Rainbow Cat Dev Diary #3

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Rainbow Cat

Introduction: This post is the third part of a series we’re running. We always wanted to give developers a chance to showcase their games even before they are finished. This should help developers build a fanbase and also get valuable feedback from their audience.

The Rainbow Cat Dev Diary will show you all the hard work that goes into developing a hilarious platform game.

If you want to know more about Thomas Evans or read the whole story, go here: first partsecond part.

Thomas is also looking for a better name for the game. We suggested “Trippy (the) Cat”. What’s your idea for a new name? Let Thomas know what you would suggest in the comments below. Off to Thomas now!

[Game Progress of Rainbow Cat]

This update took a little longer than the last one, but I took my time so I could get to where
I wanted to be before continuing.

Rainbow Cat Screenshot 1

You can play the current version yourself here!

I spent some more time working on controls again – it supports the Xbox 360 controller now (uses the left thumbstick and A button), so if you have one, give it a go! Otherwise on keyboard the only controls are the down and side arrow keys with space bar for jumping. The game essentially is set up a lot like Super Meat Boy if you’ve ever played that – while you’re stuck to a wall, hold which direction you want to go and press jump.

Graphically, the game looks more like a game now! The cat is animated, the platforms have grass and dirt tiles, and the background has some colour to it. I quickly threw together some clouds with parallax scrolling – basically the background clouds move slower than the foreground platforms, giving the picture depth. Doing the grass tiles was interesting, as I haven’t had much experience with pixel art before – I worked in some shapes like squares and swirls to add to the sort of surreal feel I’m aiming for.  The ‘spikes’ are actually syringes.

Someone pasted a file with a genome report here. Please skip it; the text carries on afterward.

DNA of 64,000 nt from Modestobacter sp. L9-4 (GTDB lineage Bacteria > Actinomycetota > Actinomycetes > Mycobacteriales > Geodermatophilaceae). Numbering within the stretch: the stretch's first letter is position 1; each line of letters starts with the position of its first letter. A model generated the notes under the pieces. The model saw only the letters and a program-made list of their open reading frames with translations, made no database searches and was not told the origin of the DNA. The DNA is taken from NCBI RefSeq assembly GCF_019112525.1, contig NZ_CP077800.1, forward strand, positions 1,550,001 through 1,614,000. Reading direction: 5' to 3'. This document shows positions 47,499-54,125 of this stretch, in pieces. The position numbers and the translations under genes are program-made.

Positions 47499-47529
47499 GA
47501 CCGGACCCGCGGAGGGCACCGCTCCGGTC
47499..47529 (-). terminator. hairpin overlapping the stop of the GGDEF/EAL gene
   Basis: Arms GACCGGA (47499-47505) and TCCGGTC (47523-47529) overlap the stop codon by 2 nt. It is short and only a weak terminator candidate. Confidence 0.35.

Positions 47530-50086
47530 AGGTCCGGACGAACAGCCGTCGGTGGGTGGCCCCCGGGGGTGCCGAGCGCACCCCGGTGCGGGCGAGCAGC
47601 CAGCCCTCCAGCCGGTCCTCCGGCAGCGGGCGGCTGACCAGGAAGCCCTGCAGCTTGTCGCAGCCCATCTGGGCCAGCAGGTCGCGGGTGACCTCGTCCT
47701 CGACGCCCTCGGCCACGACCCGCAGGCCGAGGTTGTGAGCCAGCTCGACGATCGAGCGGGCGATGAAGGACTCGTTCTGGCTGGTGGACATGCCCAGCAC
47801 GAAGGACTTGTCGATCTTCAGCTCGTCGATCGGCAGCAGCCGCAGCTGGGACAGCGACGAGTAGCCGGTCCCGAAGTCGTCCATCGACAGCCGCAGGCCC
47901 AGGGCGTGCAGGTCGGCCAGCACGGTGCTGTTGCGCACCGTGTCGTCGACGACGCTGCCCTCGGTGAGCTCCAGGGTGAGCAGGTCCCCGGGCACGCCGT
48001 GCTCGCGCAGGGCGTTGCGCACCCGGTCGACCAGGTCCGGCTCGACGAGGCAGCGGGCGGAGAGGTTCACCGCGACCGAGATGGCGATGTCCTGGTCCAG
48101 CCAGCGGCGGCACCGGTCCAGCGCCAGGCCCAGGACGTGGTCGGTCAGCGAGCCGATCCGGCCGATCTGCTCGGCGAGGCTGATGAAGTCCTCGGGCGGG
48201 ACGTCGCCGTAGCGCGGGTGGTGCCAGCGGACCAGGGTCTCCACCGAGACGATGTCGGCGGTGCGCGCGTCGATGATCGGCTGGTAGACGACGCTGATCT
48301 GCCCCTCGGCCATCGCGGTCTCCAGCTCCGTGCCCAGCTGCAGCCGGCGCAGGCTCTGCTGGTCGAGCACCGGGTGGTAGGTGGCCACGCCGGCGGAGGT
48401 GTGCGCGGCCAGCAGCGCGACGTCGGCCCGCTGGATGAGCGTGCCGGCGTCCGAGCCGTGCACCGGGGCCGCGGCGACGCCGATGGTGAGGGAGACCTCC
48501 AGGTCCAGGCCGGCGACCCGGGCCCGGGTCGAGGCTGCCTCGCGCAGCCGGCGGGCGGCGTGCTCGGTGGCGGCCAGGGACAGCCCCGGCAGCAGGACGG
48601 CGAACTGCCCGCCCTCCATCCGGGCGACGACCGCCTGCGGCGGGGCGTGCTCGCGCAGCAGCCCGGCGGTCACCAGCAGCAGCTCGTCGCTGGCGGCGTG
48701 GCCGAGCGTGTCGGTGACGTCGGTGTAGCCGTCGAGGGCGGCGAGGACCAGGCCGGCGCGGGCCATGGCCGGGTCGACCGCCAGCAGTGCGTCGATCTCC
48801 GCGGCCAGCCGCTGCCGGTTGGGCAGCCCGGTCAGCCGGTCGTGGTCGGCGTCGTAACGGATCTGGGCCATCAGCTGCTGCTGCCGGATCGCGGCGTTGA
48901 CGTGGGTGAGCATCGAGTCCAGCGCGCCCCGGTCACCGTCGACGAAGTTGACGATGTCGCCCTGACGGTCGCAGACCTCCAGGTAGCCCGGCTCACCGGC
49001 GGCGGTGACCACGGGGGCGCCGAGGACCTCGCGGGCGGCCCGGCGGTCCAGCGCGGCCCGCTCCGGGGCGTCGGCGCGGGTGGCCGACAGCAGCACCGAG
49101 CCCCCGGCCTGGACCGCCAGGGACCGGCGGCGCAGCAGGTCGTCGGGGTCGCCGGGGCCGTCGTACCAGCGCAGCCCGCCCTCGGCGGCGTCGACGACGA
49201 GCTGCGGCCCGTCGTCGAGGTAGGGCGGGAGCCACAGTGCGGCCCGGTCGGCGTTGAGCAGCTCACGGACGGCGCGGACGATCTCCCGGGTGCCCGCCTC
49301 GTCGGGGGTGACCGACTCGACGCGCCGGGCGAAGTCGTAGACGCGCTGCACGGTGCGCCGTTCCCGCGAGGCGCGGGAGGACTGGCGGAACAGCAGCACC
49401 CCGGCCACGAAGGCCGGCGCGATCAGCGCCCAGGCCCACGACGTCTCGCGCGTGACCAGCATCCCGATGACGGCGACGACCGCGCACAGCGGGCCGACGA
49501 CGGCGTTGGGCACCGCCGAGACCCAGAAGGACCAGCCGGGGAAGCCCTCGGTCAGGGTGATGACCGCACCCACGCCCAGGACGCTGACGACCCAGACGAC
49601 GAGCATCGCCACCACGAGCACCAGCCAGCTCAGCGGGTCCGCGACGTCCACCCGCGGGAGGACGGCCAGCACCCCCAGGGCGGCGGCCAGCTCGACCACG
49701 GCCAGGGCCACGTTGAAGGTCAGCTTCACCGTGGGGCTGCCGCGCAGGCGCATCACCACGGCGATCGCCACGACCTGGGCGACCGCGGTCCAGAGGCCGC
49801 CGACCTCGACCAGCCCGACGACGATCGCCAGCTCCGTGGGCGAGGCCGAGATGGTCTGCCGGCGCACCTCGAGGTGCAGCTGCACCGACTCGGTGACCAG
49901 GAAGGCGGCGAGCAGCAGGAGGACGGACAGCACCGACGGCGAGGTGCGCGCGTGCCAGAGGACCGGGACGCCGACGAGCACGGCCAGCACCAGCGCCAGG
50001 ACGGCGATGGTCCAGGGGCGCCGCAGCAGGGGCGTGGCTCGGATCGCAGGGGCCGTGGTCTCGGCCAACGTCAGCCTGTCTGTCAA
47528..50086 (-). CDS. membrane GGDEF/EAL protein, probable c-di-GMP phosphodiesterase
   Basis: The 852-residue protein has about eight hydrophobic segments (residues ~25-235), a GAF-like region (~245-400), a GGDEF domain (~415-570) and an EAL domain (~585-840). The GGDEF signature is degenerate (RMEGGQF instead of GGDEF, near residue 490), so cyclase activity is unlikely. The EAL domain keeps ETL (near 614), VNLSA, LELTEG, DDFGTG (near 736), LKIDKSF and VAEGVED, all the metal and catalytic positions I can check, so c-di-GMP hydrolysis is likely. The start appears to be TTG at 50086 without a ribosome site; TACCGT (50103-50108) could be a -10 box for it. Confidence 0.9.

Grass tiles - they aren't perfect but they're better than black and red boxes!

Grass tiles – they aren’t perfect (yet) but they’re better than black and red boxes!

The level I built this time is probably once again too difficult for beginners – I need to focus on the pace of my level design. Luckily I can now create levels very quickly in Construct 2, so for the next update I’d like to focus on level design.

To-do list for my next post: Nicer clouds (and any other miscellaneous graphics), animated checkpoints and end of level portals, and three ‘complete’ levels with scaling difficulty. Also I need to make a decision on the name – any more ideas?

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